May 30, 2007

What We’re Up Against

I was looking through the narrow, shadowed, dusty stacks at the Michigan State University Library last week (I work at MSU as a fund-raising writer) looking for a particular book. I was in the general literature section, PS 1-100 or so (pictured is the main entrance to the MSU Library some years ago). Always when I’m searching for specific books at the library, I glance at publication dates on location stickers as I pass along the stacks to see what’s new in literary culture or some other area of concern. I sometimes pop the newest books I haven’t seen before off the shelves and search the indexes to see whether they have much to say about subjects or issues I’m interested in, such as (often I’ll admit) Yvor Winters and the Wintersians -- though I do follow a number of other topics and issues, in case some of you are wondering. Well, last week in the stacks, as a result of this practice, I noticed a book published in 2004 entitled A History of American Literature by Richard Gray, whom I do not know and have never read anything by. It was published by the reputable house of Blackwell Publishing. It was a big book, some 900 large, densely printed pages, covering our literature from its beginnings up to the 2000s.

I found, happily, that it included a few sentences on Yvor Winters, though they added up to less than quarter of a page. It’s nice to see Winters given attention even this paltry, though, sadly, the author made a mistake in his first sentence on Winters. Gray implied that Winters was mainly inspired in his criticism by the so-called Fugitives, that group of Southern writers, known as “agrarians” in their early days, who formed the beginnings of what came to be called the New Criticism. But this is hardly the case, though it is true that Winters had relationships with some of the Fugitives, Allen Tate in particular, and wrote briefly in his formal essays about some of them and their movement from time to time.

In any case, all that this book from Blackwell had to say about a man whom some consider one of the most important writers in American letters, even in the history of the English language, was a few sentences amid 900 pages stuffed with names and words. Obviously, I and anyone else who holds the ideas of Yvor Winters in high esteem have a long way to go to see him properly regarded in literary culture. It will almost certainly never happen, of course. I’m no fool (in case that thought has crossed your mind as well). But I soldier on in the hope that those who might need or want to know of Winters’s work will find help in learning about it on this blog and on my Winters web site.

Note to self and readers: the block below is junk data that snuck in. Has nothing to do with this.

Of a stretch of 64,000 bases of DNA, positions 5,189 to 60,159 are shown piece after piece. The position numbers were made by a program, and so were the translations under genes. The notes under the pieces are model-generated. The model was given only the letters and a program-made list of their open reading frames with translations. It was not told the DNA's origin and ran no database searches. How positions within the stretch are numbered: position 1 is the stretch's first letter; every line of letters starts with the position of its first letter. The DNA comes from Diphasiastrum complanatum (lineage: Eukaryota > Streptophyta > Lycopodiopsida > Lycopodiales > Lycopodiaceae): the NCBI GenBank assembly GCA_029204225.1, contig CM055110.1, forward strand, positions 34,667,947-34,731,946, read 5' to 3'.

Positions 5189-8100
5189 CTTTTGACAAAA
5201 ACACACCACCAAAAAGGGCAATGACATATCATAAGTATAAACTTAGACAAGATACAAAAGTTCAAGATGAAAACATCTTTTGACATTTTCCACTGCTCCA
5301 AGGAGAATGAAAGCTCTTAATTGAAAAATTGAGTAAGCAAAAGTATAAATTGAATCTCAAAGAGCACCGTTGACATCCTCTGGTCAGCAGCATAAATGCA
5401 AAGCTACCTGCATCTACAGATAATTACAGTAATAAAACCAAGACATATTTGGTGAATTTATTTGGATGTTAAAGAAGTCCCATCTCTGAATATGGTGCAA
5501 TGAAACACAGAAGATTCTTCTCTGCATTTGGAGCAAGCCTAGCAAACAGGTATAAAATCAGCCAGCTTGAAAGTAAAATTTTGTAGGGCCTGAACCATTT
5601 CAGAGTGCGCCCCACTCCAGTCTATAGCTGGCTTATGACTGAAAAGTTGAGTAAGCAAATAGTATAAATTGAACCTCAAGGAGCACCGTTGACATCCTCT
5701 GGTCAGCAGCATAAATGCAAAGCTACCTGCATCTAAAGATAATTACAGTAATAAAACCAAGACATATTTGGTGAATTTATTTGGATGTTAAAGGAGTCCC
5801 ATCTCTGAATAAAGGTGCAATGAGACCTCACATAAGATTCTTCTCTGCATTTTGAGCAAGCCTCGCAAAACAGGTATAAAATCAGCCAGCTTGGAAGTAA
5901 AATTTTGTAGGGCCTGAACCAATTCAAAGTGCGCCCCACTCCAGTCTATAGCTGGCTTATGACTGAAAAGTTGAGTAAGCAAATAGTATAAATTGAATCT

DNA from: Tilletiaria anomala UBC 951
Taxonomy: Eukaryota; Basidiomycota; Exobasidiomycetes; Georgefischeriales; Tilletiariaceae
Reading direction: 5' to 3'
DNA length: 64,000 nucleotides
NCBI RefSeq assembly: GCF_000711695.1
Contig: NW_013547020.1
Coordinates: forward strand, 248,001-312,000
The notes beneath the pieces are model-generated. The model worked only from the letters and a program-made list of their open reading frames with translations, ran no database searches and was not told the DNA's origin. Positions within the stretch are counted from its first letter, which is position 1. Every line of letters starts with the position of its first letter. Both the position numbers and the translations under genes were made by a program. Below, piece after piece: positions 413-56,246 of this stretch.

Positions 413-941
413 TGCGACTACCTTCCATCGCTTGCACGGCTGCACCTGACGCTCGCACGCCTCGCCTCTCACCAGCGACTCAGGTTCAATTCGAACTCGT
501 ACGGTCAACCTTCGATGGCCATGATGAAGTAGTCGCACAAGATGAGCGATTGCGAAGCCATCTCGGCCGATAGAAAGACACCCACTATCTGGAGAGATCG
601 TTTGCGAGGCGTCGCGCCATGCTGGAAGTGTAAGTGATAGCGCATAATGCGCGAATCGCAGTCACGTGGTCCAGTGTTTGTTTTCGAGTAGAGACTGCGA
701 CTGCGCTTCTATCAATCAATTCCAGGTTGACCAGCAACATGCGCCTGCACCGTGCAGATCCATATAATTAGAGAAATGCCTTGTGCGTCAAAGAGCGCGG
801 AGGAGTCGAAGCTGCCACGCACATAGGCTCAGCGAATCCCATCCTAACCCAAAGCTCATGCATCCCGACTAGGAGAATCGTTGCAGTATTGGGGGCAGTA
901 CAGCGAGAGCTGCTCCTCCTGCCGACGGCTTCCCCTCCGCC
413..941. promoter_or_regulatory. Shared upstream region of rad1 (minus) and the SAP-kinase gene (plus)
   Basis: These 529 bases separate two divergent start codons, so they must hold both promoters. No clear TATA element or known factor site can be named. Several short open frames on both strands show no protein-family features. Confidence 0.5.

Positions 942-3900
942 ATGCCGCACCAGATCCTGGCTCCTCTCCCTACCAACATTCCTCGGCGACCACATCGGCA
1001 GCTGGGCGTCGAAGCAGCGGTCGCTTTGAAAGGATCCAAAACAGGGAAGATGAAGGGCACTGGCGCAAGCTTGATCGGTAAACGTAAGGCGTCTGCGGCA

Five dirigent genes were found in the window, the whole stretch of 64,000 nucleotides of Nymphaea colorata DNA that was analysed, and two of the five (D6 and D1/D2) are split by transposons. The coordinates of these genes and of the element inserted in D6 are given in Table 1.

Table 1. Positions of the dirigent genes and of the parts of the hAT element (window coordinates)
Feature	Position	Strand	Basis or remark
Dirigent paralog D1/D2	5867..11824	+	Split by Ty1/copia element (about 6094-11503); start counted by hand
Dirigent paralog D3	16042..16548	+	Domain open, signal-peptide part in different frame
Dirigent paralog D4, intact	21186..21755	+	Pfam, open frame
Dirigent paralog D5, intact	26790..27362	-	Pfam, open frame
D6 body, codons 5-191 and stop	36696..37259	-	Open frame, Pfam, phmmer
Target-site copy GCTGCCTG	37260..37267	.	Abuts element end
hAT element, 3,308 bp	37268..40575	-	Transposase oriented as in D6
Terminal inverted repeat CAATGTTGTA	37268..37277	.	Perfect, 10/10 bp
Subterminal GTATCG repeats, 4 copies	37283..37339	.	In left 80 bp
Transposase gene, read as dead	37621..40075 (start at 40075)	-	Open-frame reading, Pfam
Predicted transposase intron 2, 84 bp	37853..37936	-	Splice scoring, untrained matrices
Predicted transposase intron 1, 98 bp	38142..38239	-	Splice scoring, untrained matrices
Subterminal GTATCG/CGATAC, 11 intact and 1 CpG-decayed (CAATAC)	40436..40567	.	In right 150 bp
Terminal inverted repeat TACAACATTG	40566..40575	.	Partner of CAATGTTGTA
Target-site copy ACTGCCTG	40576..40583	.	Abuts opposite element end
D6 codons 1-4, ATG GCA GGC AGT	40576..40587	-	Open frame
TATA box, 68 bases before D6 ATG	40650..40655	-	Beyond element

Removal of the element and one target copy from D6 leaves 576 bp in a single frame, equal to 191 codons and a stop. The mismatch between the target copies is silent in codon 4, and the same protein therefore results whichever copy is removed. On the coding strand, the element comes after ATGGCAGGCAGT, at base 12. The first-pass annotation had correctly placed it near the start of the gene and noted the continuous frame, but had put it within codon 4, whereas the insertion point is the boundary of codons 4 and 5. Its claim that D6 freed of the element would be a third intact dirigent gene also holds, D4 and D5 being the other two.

Other writers related to Winters in some way fared even worse in Gray’s book. 1) There was NO(!) mention of Janet Lewis, Winters’s wife. She is a superb novelist and poet whom some consider one of our best novelists, a superior prose stylist, and a great poet (as Winters did himself). 2) The learned and scintillating poet and literary scholar J.V. Cunningham, once a student of Winters’s in the 1930s who went on to a career distinct from his teacher’s in significant ways, did receive about half a page. That’s a sizeable amount and Gray’s discussion of J.V.C. is a fair one, even though he deserves a good deal more. 3) There was NO mention of Donald Stanford, the LSU professor, poet, critic, and co-editor of the Southern Review, Second Series through 1982. Stanford, who died a few years ago, was a brilliant advocate of modern classicism, a superb poet, and a fine editor. 4) Poet Edgar Bowers received no mention, though he was a great American poet (his status as one-time student of Winters has burdened him with an especially nasty curse). 5) Nor did Gray mention Timothy Steele, who has done so much to bring the study of metrics back into our culture, though it could be argued that he is too young to assess his part in the history of our literature. Nonetheless, I consider his work to be very important.

Lastly, on the plus side, Gray did devote four pages to N. Scott Momaday, the only writer with a close connection to Winters to receive extended discussion. Gray treated him as an important Native American writer, of course, not as a Wintersian, which he probably is not in any but a very loose sense. The principal work Gray discussed was Momaday’s fine novel House Made of Dawn, a work that was praised by Winters (in a very brief comment) and various Wintersians back in the 1960s and ‘70s, including Donald Stanford in the Southern Review. Gray does not mention Momaday’s great modern classical poetry.

What does all this mean? That one of the greatest poets and critics of all time in the English language continues to languish in near oblivion. Too, too sad.

May 23, 2007

Edith Wharton Discussion Flourishes

Edith Wharton’s life and work continue to be a subject of good discussion here and there on the web and in print. Most importantly, John Updike put out an essay, “The Changeling,” on the new Edith Wharton biography in the New Yorker recently. The essay can be found at: